HARLINGEN— In the beginning of the pandemic, toilet paper was scarce. Now, another shortage is affecting restaurant owners.
Nationally, chicken wing processors are low in supply and because of the high demand, prices are rising.
On Monday, Wing Barn released a statement on how the shortage is affecting business.
Bobby Saenz, CEO and owner, said the shortage has been ongoing for two months. However, it has begun to be critical and becoming an issue for the restaurant chain.
“We move around 20,000 pounds of chicken wings a week and right now our current supplier stopped providing. We are having to outsource some of these wings and it is roughly around 500 cases,” Saenz said.
Not only are the wings hard to find but the quality and size Wing Barn needs is not available either.
“Wing Barn is known for jumbo wings and right now they are unavailable, we can’t find them,” Saenz said.
“We are taking risks of quality and reputation. We definitely built our foundation on what we serve,” he said.
At the moment, the chain is serving a smaller sized wing. Saenz said it is an issue because clients are unfamiliar with the size.
Saenz’s suppliers said to him it is unknown how long the shortage will continue. The global pandemic as well as the February Texas freeze affected poultry in general. According to restaurantbusinessonline.com, the current cold storage stock of chicken wings is at its lowest in a decade, said Isaac Olvera, a commodities and data analyst with supply chain firm ArrowStream, citing United States Department of Agriculture figures.
The site also added the shortage might force restaurants to explore other chicken options. Wingstop revealed in November that it is testing bone-in chicken thighs to insulate itself from the volatility of the wing market, part of a broader “whole-bird strategy” for the chain. Another chain named Wingers said it is promoting its Buffalo Cauliflower Wings as a plant-based alternative.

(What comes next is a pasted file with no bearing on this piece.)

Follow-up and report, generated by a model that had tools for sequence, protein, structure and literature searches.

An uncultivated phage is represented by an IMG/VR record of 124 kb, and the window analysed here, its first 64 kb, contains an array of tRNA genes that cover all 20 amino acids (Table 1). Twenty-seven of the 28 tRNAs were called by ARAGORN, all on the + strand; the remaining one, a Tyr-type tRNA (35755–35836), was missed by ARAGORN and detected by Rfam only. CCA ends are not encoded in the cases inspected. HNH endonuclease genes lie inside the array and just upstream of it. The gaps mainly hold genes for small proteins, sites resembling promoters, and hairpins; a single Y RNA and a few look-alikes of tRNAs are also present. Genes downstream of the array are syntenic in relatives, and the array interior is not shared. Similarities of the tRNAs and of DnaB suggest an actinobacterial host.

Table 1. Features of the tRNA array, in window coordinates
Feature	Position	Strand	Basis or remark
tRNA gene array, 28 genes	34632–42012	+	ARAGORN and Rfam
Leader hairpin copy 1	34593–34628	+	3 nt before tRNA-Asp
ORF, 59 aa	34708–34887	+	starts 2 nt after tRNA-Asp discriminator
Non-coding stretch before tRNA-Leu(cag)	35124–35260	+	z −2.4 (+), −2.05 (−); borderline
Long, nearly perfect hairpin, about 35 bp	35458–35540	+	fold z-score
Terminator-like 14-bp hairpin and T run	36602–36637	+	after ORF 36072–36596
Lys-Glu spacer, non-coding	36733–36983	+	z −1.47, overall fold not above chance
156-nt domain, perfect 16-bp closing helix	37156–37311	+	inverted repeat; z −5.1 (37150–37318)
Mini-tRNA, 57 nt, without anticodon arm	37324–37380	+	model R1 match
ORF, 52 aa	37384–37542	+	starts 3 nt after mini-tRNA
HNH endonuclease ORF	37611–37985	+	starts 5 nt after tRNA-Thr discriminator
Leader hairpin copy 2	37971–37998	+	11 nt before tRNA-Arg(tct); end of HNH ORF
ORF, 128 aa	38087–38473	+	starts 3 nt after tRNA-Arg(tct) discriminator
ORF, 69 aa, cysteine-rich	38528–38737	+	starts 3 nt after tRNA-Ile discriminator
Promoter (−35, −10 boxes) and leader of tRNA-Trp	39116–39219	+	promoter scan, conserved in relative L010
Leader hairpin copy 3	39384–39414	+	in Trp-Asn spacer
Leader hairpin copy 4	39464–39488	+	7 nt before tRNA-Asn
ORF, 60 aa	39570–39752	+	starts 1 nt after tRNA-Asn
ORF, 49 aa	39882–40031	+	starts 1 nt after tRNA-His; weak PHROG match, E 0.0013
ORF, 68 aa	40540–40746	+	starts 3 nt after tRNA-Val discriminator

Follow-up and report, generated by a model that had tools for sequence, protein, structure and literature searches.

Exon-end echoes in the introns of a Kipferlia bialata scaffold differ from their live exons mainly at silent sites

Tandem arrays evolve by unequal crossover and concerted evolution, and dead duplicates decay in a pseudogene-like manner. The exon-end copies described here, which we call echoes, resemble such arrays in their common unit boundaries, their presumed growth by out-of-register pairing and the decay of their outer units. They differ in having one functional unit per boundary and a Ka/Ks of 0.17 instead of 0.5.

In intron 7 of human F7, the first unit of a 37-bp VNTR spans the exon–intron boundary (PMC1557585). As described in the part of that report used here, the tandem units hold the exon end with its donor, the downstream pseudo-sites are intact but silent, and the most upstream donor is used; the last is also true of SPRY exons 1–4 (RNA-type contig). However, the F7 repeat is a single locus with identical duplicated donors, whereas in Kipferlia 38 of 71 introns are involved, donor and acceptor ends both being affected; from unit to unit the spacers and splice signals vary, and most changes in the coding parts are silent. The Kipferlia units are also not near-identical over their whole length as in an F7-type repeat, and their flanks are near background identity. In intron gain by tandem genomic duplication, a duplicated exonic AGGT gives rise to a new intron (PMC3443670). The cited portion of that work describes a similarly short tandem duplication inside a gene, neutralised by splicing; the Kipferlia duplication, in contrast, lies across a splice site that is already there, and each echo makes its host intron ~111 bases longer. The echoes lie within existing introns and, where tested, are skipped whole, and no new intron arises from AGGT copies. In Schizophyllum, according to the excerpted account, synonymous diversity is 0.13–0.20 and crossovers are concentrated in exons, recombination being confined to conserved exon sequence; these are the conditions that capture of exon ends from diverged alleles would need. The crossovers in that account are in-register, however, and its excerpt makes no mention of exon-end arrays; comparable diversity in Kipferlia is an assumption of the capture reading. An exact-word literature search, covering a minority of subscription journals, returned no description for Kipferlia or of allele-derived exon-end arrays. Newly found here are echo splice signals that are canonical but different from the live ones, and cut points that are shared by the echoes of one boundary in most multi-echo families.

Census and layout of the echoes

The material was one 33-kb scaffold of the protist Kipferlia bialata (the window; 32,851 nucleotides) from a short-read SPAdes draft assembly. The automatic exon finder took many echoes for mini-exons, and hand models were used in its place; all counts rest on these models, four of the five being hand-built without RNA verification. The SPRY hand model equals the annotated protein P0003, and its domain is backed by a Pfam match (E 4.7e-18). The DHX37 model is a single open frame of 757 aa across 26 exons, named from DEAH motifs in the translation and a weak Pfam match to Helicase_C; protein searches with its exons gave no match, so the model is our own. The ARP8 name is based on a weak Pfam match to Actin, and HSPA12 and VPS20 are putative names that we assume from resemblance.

In usfoods.com an article said analysts expect the increases to continue through April, followed by a very tight supply situation in May and June.
Saenz said before the pandemic, one pound of chicken cost $1.90. Now, the prices have increased to $4 a pound.
“It is definitely a challenging situation but we want our customers to continue to come to Wing Barn and try the other things we do have on the menu,” he said.
In essence, customers have been understanding of the situation, Saenz said. However, for the restaurant, 2020 and 2021 have been the hardest years to sustain.
Monica Saenz-Vigil, Director of Marketing for Wing Barn, said the reason the chain made a statement was for the public to know the reasons behind the issue.
“This is a local family owned business bred in the RGV and we are just asking for the support. We need the community to understand,” Saenz-Vigil said.
Wing Barn is not the only local restaurant struggling. Toriz Wings, located in San Benito and Harlingen, is having trouble as well. Ventura Garcia, Assistant Manager, said a wing shortage is expected around Super Bowl season. However, there is no comparison with the limited amount of quantities there are now.
“It is normal but not as bad as this time. Typically around Super Bowl time, prices go up and we would buy a box under a $100 and around those dates they would be $110 or $120 and now they are $140,” Garcia said.
The size issue is concurring for Toriz Wings too. No jumbo wings are available and the restaurant has had to pay the same prices for a smaller size.
“When the freeze happened we noticed the shortage. We were struggling to find a supplier who could find our wings,” she said.
“Usually we order and they bring the next day and we had to wait for about a week. I know a lot of other people struggling in the restaurant business,” Garcia said.
The increase in prices are what Garcia finds to be the biggest concern. Especially because the restaurant would not want to raise their prices as well. However, Garcia said clients have been understanding of the lack of wings and the changes in size.
“We had to up our price once but right now everyone is going through a hard time financially and we do not want to do that,” she said.
“I don’t know when things will get back to normal. I remember a few years back we had the same problem, poultry in general. It took a while for everything to go back to normal,” Garcia said.